Foresight – or looking into the future – might seem to be a bit strange here in our survey of the virtue of prudence. How can we see what has not happened yet? How can we control that? Isn’t foresight God’s affair? And our part is simply to accept what he disposes? Not quite, according to Aquinas (Summa Theologica II.II: 49:6). It is true, he says, that certain things about the future are subject to divine providence. But the virtue of prudence is about the ‘means to an end’; it is about setting things in order in the present so as to attain a desirable end in the future. Foresight is directed to the future, and to something distant, but is brought to bear on things in the present, that are within our power to regulate.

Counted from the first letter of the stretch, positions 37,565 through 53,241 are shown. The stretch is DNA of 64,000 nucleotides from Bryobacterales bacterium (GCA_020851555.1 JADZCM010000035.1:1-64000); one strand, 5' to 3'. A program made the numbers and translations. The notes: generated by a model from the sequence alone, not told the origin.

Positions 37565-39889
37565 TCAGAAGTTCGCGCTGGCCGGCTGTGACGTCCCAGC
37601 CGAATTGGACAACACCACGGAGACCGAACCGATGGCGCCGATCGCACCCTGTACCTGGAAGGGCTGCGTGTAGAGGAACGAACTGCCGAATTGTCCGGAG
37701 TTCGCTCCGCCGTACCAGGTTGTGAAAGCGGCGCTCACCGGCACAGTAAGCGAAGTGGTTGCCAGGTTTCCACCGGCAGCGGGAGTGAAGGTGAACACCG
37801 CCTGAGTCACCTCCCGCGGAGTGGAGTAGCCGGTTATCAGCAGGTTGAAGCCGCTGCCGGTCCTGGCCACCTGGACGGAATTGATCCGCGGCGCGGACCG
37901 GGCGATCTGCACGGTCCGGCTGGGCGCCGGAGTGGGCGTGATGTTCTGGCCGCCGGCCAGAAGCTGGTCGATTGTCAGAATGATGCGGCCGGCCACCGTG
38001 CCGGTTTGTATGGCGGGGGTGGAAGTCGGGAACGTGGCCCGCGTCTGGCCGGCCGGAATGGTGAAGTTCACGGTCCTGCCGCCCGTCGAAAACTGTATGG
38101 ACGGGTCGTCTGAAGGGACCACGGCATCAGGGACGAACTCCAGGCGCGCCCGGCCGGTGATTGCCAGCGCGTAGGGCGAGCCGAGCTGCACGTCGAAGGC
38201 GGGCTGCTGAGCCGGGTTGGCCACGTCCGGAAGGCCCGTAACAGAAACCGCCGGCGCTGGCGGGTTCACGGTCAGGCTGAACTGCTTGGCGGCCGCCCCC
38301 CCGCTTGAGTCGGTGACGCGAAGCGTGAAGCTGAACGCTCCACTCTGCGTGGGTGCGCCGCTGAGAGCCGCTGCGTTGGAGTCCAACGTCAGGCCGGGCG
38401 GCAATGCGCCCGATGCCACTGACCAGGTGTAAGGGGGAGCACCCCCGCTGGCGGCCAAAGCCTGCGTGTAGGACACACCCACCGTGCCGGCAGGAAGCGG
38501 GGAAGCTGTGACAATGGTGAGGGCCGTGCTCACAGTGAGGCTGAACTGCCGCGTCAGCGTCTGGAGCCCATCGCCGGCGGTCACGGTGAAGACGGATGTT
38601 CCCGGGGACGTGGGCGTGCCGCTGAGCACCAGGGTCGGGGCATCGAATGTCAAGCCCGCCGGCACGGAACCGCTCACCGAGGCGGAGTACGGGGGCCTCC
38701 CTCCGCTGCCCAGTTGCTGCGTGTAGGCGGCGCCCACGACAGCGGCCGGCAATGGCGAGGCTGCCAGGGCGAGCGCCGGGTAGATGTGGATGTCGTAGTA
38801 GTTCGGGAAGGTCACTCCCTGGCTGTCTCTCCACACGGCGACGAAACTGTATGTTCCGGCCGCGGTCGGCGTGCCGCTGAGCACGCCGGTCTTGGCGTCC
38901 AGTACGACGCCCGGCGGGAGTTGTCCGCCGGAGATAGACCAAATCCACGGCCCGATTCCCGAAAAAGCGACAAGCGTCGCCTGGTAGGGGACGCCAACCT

This sounds a bit airy-fairy, so let’s go back to our friend, Jack, with the bookshop. He wants his bookshop to be successful. He therefore needs to hire people who will be trustworthy and will help him to attain that end. He knows now that if he is soft-hearted about hiring unreliable people with poor references, they will probably not help him to succeed in business. Foresight tells him what will probably happen if he hires the right kind of person. He cannot know everything about the future, and cannot guarantee absolutely that the person he has hired with the good references will work out fine. But, he can set things in order by doing as much as he can do, checking the references well, and divine providence will have to do the rest.
Foresight looks ahead and evaluates the present according to the goal that exists in the future.